The Fall (2013) is a dark television series out of the UK that should appeal to viewers of Wallander (2008), Broadchurch (2013), and True Detective (2014). Its degree of ‘disturbing’ fits right in there between Broadchurch and True Detective; so while the impulse may be to binge-watch season one, the content is hard to take in such heavy doses. That said, episodes end with that tantalizing effect of “I need to see what happens.” Just, if you have to binge, begin really early in the day and find something cheerful before bed.
Alan Cubitt created a series in The Fall that follows a talented investigator’s hunt for a serial killer. There is another storyline that I failed to mind early on, nor did I actually care to retrace it as the series was racing toward the finale. I would apologize, but you’ll understand how transfixing the serial killer storyline is if you decide to watch—and how transfixing Gillian Anderson is as Detective Stella Gibson.
On loan from the MET, Gibson is a highly educated investigator who negotiates her surroundings with what I hate to call out as startling confidence. She demonstrates a kind of self-possession that will excite feminist viewers. I’m still giddy over her encounter in the washroom with Jim Burns (John Lynch) where she refuses to take the traditional sexual burden of the female. A great article takes shape: How Stella Gibson Leans-In at her Workplace.
The pacing is cinematic in the narrative scope of the show. The series is very much about the crime-drama, but the characters and relationships develop and unfold slowly. It is very much a domestic drama as well, and the violence paired with the domestic translates into some fantastic social commentary.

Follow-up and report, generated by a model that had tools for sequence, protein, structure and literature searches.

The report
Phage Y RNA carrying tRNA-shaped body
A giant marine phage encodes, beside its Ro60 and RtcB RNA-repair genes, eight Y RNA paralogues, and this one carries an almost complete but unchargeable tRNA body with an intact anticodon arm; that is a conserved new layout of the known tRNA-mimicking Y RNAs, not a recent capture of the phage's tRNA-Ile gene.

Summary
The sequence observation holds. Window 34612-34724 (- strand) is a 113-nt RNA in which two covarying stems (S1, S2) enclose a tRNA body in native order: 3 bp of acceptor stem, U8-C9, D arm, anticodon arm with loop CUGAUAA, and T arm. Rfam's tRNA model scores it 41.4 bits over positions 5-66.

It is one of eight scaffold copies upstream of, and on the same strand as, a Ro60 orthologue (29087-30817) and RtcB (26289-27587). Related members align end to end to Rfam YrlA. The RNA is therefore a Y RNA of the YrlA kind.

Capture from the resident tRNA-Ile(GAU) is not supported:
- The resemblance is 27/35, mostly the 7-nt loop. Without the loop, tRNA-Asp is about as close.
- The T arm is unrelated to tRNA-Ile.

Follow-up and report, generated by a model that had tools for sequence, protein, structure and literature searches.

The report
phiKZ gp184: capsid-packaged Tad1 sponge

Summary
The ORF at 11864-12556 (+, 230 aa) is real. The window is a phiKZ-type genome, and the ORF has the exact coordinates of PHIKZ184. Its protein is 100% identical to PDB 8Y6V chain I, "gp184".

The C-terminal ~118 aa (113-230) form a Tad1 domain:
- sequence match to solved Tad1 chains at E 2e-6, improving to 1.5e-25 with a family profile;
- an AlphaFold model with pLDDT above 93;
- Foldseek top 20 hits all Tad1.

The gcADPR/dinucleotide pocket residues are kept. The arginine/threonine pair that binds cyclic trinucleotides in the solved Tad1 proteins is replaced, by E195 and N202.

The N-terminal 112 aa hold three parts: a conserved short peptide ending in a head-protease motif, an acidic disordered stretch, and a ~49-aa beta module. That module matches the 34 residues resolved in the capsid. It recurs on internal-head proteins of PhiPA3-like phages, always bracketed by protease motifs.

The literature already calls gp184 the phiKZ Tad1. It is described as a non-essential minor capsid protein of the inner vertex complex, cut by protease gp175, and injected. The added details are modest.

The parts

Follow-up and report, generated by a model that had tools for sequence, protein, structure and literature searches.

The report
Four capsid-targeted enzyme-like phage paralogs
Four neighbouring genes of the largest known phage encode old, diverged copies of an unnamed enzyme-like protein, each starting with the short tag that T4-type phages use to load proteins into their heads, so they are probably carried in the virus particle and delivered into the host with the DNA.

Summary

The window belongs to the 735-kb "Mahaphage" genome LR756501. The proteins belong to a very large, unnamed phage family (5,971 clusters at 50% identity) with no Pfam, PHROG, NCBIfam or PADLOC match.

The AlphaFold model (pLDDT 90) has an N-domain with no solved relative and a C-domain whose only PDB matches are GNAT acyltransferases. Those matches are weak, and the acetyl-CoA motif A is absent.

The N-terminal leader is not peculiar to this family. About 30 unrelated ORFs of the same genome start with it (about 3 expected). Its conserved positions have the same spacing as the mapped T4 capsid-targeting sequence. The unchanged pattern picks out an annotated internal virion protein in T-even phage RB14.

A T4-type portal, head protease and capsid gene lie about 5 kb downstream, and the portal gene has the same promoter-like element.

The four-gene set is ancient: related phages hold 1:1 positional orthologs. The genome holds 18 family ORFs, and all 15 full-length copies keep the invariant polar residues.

The Fall tackles a lot of mythologies regarding women, men, and sexual predation. Often the show uses our cultural expectations to its advantage. For example, if you think that had the woman not lived alone, she wouldn’t be such an easy target (invitation). And this is where I caution as to the brutality of some of the sequences. Although, a great deal of the terror in tension is in the quiet invasions, the contemplation of the horrors waiting just beyond a child’s mobile, a dark corner just off the bathroom….
Other unusual facets to anticipate? The serial killer of single young career women is a very attractive young male, loving husband, and father of two—one of whom is a little girl. Jamie Dornan (Once Upon a Time) as Paul Spector creates a gorgeous conflict; physically he is well-cast, but his acting is better than I’d anticipated. Anyone completing a dynamic with Gillian Anderson has to be excellent. After all, Anderson is the show maker.
That series one spends its entirety on the case of the serial killer (and the other surfacing line I forget), contributes to the sense that the show is driven by character over plot. They are not actors coloring within the lines of a plot. We learn not to anticipate the crime or the investigation, but the criminal and the investigator in our wondering how the show might progress. In other words, the psychological drama remains and is played out in the characterization; e.g. how they negotiate the intrusions on their primary occupations. The success is in how disturbing the results are. Whether good-guy or bad-, the characters are terrifying because of such an emphasis on realism.
As the series began to close, the pacing was heart-thumping and well, I might have flat-lined in a bit of a shock there at the end. I both love and hate The Fall for its series 1 finale. Most of the hatred is directed at the wait for series 2 now.